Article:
For Rapacz, the biggest challenge of worshiping from home since March has been discipling small group members’ children, who previously attended age-appropriate ministries at church and were offsite with babysitters during Monday small groups.
“The feedback I got from the members we were meeting with is managing the kids and the chaos became much more challenging. It’s challenging to keep believers motivated and in the Word throughout the week and on the weekend,” he said. “But one of the larger problems is we saw that the discipleship for the kids was struggling. Because the members of the church aren’t spending time in the Word regularly and meeting together corporately for weekend worship, they’re not shepherding their kids well.”
The solution was to provide a separate small group for children, Rapacz said, including his four children between ages 1 and 9.
“What we decided to do is engage some of the people who had a heart for serving in kids’ ministry and were missing out on using that calling or spiritual gift, and ask them to step into our Sunday worship time, and to really create and develop a kids’ ministry that coincided with our small group gathering for worship,” Rapacz said.
He said his group planted a new small group from its membership weeks before the March COVID-19 economic shutdown, which keeps the groups within the governmental size restrictions for gatherings.
But at The Summit’s Downtown Durham campus, Pastor Peter Park said the church will likely need to create new small groups to continue meeting offsite.
“We had 19 small groups pre-COVID and anticipate we will need five to 10 more in order to comply with government guidance,” he said, “since most of our groups average around 15 people and some have as many as 25.”
Park said the COVID-19 season is challenging the approximately 450 people who regularly attended the Downtown Durham campus before the pandemic to find innovative ways of engaging the community in worship, service and discipleship.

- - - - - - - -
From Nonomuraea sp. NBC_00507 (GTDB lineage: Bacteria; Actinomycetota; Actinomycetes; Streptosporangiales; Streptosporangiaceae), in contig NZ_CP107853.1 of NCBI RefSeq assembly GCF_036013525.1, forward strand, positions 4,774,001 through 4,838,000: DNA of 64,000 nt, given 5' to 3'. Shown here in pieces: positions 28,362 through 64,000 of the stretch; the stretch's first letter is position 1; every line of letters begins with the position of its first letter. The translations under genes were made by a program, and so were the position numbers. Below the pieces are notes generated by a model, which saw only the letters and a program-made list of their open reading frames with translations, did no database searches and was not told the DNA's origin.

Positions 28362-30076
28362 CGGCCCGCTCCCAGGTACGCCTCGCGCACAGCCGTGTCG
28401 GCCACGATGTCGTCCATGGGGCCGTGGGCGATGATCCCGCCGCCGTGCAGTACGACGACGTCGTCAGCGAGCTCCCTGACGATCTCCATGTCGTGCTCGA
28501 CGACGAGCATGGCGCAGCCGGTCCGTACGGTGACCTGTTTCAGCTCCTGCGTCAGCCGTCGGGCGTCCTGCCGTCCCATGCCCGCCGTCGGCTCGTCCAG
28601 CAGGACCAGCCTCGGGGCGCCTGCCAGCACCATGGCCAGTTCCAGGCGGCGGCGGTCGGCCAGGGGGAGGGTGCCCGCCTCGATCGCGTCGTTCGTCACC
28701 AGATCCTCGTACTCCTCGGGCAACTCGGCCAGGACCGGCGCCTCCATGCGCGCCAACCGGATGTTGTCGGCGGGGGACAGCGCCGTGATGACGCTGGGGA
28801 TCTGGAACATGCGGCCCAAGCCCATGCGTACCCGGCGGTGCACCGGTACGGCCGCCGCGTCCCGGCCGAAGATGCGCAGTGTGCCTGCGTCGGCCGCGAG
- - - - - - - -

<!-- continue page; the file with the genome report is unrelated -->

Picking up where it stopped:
“This season has forced us in a good way to really think through how we disciple, equip, and mobilize our people. It’s an opportunity to reevaluate all of our ministries and innovate new ways to do the ministry,” Park said. “One of the biggest challenges we will face is maintaining connection with our people.
“The weekend traditionally afforded our team the ability to connect with a large number of people over multiple services and we don’t have that anymore. So our team will have to work hard to find creative ways to continue developing relationships beyond digital/virtual avenues.”
In an email, Park added: “Zoom fatigue is real!” He said some members have begun meeting for prayer or service opportunities within government guidelines
Although they prefer to worship in person at church campuses, both Park and Rapacz said they understand and appreciate the current need to meet offsite in smaller settings.
“I would say that all of our people, including myself, are disappointed that we won’t be meeting as we had pre-COVID,” Park said. “We miss being with each other immensely. However, the vast majority understand that this is a unique season and it was a difficult decision that needed to be made by the elders.
“But I truly believe the mission and movement of disciple-making will continue in new ways we hadn’t planned for and the church will emerge stronger because of this season. I’m confident God will teach us and continue building his church despite any pandemic or obstacle.”